Miracle of Innocence takes appeal online in virtual gala


The man whose organization helped set the Rev. Darryl Burton free after 24 years in prison for a crime Burton didn’t commit praised the work of Burton’s group during Miracle of Innocence’s “Turning Dreams into Reality” virtual gala. 

The gala premiered with a 45-minute video on Oct. 28. 

Centurion founder Jim McCloskey speaks at the virtual gala. Screen shot

Burton, wrongly imprisoned for murder in the St. Louis area, is now an associate pastor at United Methodist Church of the Resurrection. Three years ago, he formed Miracle of Innocence with Lamont McIntyre, who suffered a similar fate for 23 years following a double murder in Kansas City, Kansas. 

They were both helped thanks to Centurion, a pioneering organization in freely those who were wrongly imprisoned. 

“We have spawned through Darryl and Lamont another organization that has followed our lead, but is their own particular calling,” Centurion founder Jim McCloskey said in the video.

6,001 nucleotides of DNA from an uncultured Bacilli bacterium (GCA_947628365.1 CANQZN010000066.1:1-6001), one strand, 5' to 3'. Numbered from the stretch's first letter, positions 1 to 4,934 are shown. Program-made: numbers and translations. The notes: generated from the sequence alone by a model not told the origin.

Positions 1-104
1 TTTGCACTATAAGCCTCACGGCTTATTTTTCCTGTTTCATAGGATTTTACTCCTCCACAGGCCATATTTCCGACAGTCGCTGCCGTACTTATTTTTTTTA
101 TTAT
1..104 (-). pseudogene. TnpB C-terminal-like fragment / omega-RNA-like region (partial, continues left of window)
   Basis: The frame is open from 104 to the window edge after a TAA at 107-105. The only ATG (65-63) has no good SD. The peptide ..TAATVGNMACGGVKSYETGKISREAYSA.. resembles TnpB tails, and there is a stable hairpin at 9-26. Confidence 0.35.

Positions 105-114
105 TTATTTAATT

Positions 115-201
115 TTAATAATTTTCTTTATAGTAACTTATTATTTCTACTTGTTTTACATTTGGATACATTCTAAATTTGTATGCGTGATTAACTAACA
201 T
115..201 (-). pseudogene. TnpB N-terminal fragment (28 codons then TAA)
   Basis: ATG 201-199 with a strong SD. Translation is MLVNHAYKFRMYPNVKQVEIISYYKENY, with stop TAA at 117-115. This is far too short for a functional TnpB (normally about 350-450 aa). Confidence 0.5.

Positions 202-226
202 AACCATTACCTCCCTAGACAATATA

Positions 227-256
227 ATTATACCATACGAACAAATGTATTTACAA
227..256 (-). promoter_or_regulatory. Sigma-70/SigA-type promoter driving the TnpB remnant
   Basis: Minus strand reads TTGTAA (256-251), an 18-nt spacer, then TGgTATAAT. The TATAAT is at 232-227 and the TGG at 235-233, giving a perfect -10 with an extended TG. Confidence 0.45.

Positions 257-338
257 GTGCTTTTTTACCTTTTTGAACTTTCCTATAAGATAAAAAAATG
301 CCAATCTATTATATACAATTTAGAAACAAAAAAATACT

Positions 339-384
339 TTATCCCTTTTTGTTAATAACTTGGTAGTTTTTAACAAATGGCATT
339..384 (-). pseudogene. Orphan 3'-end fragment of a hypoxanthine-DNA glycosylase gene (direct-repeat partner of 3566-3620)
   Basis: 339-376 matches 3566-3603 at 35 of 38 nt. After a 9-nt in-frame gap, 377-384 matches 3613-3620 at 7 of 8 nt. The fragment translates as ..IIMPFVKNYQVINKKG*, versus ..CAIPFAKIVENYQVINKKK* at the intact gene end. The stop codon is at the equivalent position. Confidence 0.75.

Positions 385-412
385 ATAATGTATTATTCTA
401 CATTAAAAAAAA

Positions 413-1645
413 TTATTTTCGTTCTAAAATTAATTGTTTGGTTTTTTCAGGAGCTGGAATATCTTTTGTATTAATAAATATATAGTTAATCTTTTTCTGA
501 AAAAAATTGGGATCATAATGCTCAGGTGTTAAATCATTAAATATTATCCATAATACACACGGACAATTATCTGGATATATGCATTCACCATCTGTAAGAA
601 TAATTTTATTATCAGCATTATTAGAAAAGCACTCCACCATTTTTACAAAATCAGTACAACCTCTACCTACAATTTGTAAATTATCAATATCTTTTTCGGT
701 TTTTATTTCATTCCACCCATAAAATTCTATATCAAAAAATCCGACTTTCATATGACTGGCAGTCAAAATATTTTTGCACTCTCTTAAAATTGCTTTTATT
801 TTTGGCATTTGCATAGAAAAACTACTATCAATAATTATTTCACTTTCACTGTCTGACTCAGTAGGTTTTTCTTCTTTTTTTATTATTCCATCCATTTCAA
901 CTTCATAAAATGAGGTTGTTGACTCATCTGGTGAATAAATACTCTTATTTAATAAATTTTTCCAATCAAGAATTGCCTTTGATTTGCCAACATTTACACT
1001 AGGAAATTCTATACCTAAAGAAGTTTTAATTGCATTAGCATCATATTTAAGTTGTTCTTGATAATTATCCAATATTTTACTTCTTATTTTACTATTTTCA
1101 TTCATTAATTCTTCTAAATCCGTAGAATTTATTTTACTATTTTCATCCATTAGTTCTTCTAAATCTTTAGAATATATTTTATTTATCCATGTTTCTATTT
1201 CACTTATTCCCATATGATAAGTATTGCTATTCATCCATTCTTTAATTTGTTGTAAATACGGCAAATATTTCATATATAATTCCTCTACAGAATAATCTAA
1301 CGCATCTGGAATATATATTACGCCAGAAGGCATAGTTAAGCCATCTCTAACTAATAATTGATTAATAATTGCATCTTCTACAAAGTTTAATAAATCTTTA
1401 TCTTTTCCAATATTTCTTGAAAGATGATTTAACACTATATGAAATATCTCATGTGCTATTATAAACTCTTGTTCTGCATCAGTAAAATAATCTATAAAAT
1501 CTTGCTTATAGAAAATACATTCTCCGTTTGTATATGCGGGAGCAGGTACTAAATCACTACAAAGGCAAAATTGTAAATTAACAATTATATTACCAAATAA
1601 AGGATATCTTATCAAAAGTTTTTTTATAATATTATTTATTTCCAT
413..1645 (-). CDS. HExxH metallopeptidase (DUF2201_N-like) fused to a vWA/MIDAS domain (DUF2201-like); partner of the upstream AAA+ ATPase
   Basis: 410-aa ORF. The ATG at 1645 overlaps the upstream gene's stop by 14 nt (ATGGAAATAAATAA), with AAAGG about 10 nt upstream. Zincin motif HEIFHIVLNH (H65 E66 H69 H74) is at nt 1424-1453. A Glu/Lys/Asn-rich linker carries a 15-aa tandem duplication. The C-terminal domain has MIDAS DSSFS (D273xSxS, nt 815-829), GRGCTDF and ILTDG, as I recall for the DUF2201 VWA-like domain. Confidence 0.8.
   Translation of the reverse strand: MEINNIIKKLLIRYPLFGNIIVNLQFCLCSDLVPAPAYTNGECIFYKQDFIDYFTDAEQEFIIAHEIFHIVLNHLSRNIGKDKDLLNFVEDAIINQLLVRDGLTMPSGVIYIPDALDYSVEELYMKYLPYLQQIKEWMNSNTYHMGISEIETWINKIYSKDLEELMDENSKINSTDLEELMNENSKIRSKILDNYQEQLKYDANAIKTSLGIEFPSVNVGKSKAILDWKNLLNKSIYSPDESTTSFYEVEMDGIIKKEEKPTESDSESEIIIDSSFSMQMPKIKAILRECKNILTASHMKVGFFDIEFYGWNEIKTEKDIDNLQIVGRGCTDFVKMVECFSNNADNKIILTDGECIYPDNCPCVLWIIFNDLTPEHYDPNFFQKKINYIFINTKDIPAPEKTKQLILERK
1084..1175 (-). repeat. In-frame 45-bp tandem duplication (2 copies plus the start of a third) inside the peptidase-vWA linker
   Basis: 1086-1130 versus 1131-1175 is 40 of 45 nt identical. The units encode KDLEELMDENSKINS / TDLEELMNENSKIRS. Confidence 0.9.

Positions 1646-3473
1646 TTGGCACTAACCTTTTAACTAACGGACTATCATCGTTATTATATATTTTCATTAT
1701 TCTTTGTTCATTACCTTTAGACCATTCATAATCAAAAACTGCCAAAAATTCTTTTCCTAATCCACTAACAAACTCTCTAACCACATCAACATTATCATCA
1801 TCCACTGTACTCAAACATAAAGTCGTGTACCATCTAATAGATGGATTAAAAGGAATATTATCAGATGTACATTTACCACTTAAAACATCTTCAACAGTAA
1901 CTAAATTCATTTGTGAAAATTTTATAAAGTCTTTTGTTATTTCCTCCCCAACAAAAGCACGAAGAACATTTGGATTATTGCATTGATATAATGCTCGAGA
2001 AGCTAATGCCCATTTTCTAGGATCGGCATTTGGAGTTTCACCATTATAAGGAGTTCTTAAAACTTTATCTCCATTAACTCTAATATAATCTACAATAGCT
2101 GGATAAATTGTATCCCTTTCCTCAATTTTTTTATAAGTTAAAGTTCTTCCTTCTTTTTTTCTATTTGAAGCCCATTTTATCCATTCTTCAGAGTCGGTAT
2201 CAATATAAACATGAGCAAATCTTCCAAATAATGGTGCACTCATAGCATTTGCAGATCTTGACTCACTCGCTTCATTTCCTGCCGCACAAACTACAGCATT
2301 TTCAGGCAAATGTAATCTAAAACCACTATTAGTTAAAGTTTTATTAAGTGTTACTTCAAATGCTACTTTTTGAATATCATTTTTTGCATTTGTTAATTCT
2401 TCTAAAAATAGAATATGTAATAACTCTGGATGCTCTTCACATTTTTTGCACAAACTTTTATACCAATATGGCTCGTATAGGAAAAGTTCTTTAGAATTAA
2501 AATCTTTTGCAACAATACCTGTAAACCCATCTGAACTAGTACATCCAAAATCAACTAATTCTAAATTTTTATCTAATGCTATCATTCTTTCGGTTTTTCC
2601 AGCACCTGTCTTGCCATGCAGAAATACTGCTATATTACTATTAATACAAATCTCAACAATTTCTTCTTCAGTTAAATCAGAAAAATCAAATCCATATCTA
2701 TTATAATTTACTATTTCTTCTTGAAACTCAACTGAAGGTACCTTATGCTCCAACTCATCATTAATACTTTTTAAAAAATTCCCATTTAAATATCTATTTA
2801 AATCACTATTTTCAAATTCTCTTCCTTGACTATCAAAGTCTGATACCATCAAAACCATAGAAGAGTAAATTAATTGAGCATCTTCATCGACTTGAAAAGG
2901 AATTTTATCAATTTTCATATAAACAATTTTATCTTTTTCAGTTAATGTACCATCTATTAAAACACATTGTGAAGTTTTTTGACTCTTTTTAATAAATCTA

McCloskey called the imprisonment of Burton and McIntyre, among others, an example of systemic racism in a “deeply flawed system.” 

“The system doesn’t want to admit it made a mistake,” McCloskey said. 

The virtual gala was an online fundraiser for the organization, which Burton says needs $200,000-$300,000 over several years for each person it aids, plus after-release assistance including finding transportation, employment and sometimes housing. 

“Getting people out is a no-brainer,” Burton says in the video. 

Miracle of Innocence founders Lamont McIntyre and the Rev. Darryl Burton.

During the video interview with McCloskey, Miracle of Innocence learned of its first success story: Ralph McElroy, who served more than 33 years in Missouri for a crime he didn’t commit, was released. The group provided him with a cellphone and fitted him for new glasses, and he meets with a social worker several times a week. 

One of the early proponents of Miracle of Innocence was the Rev. Adam Hamilton, founding pastor of Church of the Resurrection, who called Burton a “beloved friend and co-laborer in Christ” before giving the invocation. 

“You’re setting them free,” Hamilton said of Burton. “You’re setting the captives free.” 


Listen to a podcast featuring Miracle of Innocence and the stories from Lamont McIntyre and the Rev. Darryl Burton. 

Contact David Burke, communications content specialist, at dburke@greatplainsumc.org.

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